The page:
The Company follows the guidance of Financial Accounting Standards Board (FASB) Accounting Standards Codification (ASC) 350, Goodwill and Other Intangible Assets. Under ASC 350, goodwill and certain other intangible assets with indefinite lives are not amortized, but instead are reviewed for impairment at least annually.
The Company tests goodwill for impairment in the fourth quarter of each year or more frequently if events or changes in circumstances indicate that the asset might be impaired. The test is based on a comparison of the reporting units book value to its estimated fair value.
Loss per Share
Basic net loss per share is computed based on the net loss for the period divided by the weighted average actual shares outstanding during the period. Diluted net loss per share is computed based on the net loss for the period divided by the weighted average number of common shares and common equivalent shares outstanding during each period unless the effect of such common equivalent shares would be anti-dilutive. Common stock equivalents represent the dilutive effect of the assumed exercise of certain outstanding stock options using the treasury stock method. The weighted average number of common shares for the three months ended June 30, 2011 did not include 138,577 options because of their anti-dilutive effect.
The Company accounts for income taxes under the asset and liability method. Under this method, deferred tax assets and liabilities are recognized for the future tax consequences attributable to differences between the financial statement carrying amounts of existing assets and liabilities and their respective tax basis. Deferred tax assets and liabilities are measured using enacted tax rates in effect for the year in which those temporary differences are expected to be recovered or be settled. The effect on deferred tax assets and liabilities of a change in tax rates is recognized in income in the period that includes the enactment date. A valuation allowance is provided when it is more likely than not that some portion of the gross deferred tax asset will not be realized.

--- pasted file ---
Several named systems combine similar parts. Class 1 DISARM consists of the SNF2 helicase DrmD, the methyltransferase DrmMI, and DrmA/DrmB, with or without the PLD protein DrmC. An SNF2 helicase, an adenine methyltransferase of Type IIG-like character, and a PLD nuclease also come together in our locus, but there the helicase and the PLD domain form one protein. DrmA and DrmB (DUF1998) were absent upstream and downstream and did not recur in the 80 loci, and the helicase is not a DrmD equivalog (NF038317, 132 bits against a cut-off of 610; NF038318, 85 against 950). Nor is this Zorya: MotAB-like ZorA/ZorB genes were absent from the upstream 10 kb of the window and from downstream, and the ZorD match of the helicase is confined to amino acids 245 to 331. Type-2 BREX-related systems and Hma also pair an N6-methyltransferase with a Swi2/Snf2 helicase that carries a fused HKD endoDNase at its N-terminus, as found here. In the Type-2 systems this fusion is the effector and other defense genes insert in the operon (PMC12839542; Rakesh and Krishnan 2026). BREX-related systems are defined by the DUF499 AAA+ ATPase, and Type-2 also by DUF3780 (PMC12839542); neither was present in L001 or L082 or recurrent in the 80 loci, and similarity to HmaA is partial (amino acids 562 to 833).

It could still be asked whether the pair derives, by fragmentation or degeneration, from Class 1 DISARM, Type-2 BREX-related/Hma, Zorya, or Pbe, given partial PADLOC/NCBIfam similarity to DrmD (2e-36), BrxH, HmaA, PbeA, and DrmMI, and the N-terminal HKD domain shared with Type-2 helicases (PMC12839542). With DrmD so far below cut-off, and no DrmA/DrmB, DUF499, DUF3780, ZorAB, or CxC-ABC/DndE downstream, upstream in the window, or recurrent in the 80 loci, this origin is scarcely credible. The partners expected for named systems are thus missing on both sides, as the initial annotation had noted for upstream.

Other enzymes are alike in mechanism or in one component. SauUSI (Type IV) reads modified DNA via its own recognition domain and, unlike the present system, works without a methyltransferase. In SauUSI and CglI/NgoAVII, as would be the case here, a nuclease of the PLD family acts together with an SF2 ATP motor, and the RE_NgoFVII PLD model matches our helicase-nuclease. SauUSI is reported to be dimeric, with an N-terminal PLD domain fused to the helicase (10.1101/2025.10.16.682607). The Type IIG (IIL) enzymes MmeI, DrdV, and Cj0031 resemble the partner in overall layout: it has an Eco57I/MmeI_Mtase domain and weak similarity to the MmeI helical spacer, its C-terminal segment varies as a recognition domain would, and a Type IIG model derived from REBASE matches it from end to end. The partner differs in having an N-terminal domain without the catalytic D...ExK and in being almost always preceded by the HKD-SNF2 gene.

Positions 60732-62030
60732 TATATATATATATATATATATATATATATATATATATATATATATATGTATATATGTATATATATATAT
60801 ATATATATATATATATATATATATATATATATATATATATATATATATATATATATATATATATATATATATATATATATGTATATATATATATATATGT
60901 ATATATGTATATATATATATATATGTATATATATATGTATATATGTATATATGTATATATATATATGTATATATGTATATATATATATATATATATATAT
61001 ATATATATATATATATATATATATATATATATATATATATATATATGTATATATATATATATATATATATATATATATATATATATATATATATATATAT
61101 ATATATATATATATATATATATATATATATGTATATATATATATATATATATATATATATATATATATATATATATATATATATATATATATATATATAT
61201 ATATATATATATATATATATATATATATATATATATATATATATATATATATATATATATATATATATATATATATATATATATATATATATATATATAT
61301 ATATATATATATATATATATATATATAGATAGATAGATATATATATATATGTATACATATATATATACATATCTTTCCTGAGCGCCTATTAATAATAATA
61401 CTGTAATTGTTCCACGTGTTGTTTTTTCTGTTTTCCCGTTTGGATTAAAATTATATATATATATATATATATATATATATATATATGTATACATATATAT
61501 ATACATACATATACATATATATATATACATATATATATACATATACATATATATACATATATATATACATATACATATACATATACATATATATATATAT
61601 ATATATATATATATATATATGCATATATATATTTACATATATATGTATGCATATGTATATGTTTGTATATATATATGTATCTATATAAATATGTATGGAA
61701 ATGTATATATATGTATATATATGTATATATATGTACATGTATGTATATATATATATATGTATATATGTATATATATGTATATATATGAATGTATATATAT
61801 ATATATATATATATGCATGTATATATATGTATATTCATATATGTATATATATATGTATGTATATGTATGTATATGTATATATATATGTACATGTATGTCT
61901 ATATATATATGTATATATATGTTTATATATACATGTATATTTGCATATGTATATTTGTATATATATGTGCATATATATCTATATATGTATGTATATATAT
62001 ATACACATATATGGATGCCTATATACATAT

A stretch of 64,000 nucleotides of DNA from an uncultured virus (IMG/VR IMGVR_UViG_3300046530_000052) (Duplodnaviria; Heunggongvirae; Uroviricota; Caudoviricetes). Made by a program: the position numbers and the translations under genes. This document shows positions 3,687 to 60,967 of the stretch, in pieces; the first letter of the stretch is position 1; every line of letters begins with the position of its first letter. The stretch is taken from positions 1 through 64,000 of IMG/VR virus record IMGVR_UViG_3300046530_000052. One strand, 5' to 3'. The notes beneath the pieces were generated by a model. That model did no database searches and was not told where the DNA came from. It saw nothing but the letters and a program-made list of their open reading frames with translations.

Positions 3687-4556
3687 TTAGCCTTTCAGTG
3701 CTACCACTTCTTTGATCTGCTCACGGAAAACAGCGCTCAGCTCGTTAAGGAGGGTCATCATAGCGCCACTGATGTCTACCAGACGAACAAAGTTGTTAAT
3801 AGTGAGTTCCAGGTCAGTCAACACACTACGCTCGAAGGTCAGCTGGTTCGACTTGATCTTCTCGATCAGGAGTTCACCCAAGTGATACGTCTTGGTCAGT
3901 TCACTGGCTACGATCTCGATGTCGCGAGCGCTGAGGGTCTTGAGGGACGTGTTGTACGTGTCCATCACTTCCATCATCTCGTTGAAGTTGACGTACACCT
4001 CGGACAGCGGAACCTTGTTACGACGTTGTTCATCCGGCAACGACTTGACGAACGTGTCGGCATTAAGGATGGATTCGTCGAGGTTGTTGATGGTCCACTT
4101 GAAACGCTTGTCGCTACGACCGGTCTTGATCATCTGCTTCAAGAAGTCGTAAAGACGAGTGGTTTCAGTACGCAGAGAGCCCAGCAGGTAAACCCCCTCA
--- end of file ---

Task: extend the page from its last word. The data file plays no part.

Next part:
Fair Value of Financial Instruments
As of June 30, 2011, the carrying value of cash and cash equivalents, accounts payable, advances payable related party and accrued expenses approximated fair value due to their short-term nature.
The Company selected the Black-Scholes option-pricing model to determine the fair value of stock option awards. Stock-Based Compensation is recognized on a straight-line basis over the requisite service periods for the awards.
Recent Accounting Pronouncements
Accounting Standards Update (ASU) 2010-28, Intangibles Goodwill and Other (Topic 350) - When to Perform Step 2 of the Goodwill Impairment Test for Reporting Units with Zero or Negative Carrying Amounts - a consensus of the FASB Emerging Issues Task Force, modifies Step 1 of the goodwill impairment test for reporting units with zero or negative carrying amounts. For those reporting units, an entity is required to perform Step 2 of the goodwill impairment test if it is more likely than not that a goodwill impairment exists. In determining whether it is more likely than not that a goodwill impairment exists, an entity should consider whether there are anyadverse qualitative factors indicating that an impairment may exist. The amendments are effective for fiscal years, and interim periods within those years, beginning after December 15, 2010. The Company will perform the annual impairment test during Q4 and is evaluating the impact on the financial statements.
The entire disclosure for all significant accounting policies of the reporting entity.
Reference 1: http://www.xbrl.org/2003/role/presentationRef